"I don't think [Saric] will slide too far," said another international scout. "People say the Hawks, at No. 15, and the Suns, at No. 18, like him quite a bit."
Spanish center Walter Tavares, who has drawn comparisons from some scouts to Roy Hibbert, also complicated his draft future when he recently re-signed with Gran Canaria for three years. He held a private workout Tuesday in New Jersey for 11 NBA teams and will likely have some takers in Round 2. The San Antonio Spurs, known for international player development, could snatch him with the 30th pick. Shea called him a "project, but he's huge and is rough around the edges."
Also drawing Shea's attention this year is Clint Capela, a Swiss forward "with the most upside" who is "very athletic and compares to Ian Mahinmi." There's also Bogdan Bogdanovic, a shooting guard from Serbia with "skills" who's "a little like Jiri Welsch."
Beyond those candidates, the two international prospects heating up the draft boards are Serbians Nemanja Dangubic and Vasilije Micic.
"Nemanja Dangubic was named the MVP of this year's Eurocamp," noted Juc. "Perhaps no one helped his NBA stock as much Dangubic. We already knew about his above-average athletic abilities, but when he shoots the ball like he did in Treviso, he's fun to watch."
His fellow countryman Micic struck Juc as perhaps the single purest point guard in the draft. "He's a pass-first, team-oriented player who gave a hard time to Team USA at the U19 World Championships last summer."
Which prospect's stock has improved the most based on the NBA Finals?
Chris Ekstrand, a longtime NBA consultant and the former editor of the draft media guide, believes it's 6'9" UCLA sophomore Kyle Anderson. While the talk in Chicago at the draft combine was that Anderson was not very athletic and without a position, there's new thinking about him after watching Boris Diaw dominate for the Spurs en route to their championship.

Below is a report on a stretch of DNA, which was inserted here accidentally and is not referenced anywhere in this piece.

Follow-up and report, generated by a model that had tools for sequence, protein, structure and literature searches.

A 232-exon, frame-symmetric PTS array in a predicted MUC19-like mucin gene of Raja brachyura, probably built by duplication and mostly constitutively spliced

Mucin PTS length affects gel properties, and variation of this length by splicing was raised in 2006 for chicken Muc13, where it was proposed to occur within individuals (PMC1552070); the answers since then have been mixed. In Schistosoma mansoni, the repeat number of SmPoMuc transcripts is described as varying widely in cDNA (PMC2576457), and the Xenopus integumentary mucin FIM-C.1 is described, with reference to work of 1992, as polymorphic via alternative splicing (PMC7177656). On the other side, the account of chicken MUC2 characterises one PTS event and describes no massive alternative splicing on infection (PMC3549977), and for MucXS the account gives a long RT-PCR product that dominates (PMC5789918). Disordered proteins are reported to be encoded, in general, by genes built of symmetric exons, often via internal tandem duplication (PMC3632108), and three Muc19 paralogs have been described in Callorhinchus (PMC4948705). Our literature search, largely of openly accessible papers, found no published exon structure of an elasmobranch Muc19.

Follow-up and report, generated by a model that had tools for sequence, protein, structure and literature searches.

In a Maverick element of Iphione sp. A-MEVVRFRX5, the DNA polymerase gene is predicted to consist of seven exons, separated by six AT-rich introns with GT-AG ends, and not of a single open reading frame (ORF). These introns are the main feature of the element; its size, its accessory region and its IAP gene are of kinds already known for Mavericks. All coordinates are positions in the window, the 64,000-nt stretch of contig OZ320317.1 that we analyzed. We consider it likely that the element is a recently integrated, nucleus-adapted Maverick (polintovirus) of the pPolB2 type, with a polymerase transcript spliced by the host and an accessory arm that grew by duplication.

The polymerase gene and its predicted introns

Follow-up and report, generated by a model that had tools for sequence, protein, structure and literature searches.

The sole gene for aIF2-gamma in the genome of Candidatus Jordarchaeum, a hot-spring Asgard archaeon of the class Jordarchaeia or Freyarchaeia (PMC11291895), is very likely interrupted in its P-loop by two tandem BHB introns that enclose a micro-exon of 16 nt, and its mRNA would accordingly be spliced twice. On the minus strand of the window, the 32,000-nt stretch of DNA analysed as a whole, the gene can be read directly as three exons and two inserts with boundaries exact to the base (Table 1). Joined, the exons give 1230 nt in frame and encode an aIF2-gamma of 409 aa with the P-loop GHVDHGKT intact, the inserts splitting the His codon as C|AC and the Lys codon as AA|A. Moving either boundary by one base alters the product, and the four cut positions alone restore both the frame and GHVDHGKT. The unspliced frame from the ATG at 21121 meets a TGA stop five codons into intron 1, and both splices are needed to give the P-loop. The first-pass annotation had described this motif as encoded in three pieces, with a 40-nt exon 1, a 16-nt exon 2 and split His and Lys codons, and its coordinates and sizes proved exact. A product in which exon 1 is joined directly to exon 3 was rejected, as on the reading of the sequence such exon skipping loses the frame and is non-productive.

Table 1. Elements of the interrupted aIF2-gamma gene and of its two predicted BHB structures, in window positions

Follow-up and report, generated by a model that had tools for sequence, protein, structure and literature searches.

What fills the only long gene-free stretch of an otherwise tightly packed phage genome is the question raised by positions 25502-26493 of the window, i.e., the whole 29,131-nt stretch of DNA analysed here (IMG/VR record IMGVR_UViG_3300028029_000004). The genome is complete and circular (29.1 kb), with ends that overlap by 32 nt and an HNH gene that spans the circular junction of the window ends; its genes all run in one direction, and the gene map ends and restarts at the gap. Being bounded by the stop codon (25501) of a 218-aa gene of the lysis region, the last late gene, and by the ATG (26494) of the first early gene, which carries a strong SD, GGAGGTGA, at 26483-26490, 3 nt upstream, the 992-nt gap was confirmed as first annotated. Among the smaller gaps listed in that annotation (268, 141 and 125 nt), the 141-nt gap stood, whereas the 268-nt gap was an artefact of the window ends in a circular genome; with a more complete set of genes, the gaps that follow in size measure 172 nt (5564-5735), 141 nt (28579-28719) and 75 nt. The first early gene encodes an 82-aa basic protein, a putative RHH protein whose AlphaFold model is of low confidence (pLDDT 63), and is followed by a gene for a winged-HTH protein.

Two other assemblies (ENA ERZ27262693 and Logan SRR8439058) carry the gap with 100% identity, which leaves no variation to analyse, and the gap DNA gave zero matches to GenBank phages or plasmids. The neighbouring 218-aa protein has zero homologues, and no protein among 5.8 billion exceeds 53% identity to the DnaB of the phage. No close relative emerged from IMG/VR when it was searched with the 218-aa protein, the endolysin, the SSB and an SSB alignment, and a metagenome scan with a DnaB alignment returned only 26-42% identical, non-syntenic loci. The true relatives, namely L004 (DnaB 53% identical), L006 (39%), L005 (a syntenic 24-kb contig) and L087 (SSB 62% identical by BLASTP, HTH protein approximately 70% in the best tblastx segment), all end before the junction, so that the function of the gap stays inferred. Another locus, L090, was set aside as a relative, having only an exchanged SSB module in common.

"You could make the argument that Diaw played better than Tony Parker in the Finals," Ekstrand said. "Just in the Finals, you look at the way Diaw passed the ball and you look at some of the things he was able to do. Who would think that a guy who can't jump, who's not that fast or athletic like Boris Diaw, would be able to score in the post against Chris Bosh? But a handful of times, they went to him down there and he scored.
"So I think for a guy like Kyle Anderson, who's not the tremendous athlete but is one of these glue-type players, especially with his passing ability, it's got to help him. Teams want unselfish players at every position, but it's another thing to be an unselfish player and good passer. Players like Diaw and Anderson give their teams an extra ball-handler and extra decision-maker. Those kinds of players are always going to be valued."
Ekstrand mentioned that for a team like the New York Knicks, who may be implementing the triangle offense system next season under Phil Jackson's watch, Anderson would be a good fit, though he is expected to be selected in the 15-25 range. (According to the New York Post's Marc Berman, the team is looking to trade into the first round.)
As for a sleeper second-round pick, Ekstrand likes 6'0" Louisville senior point guard Russ Smith.
"While everybody is looking for size, [Smith] has had a high-level coach who's been on his butt, and he's produced against really good teams time after time again," Ekstrand said. "If somebody takes Russ Smith at No. 48 and he turns out to be a long-term NBA player, would I be shocked? Not really. I mean, look what he's done. He kicked peoples' butts every year."
The woman behind the draft wardrobe
Now in her 16th year working the draft, Jhoanna Alba, whose first client was Magic Johnson years ago, has become the go-to stylist for many of the green-room invitees.
Alba, who's based in Los Angeles, has built her business with the NBA—which includes working with hundreds of players throughout the year—by networking with the handful of player agencies based in Southern California. As prospects came through the area for meetings or workouts in the past month or so, they also stopped by her studio showroom to get fitted for the NBA combine, draft lottery (only a few) and the different events throughout draft week, including the big night on June 26.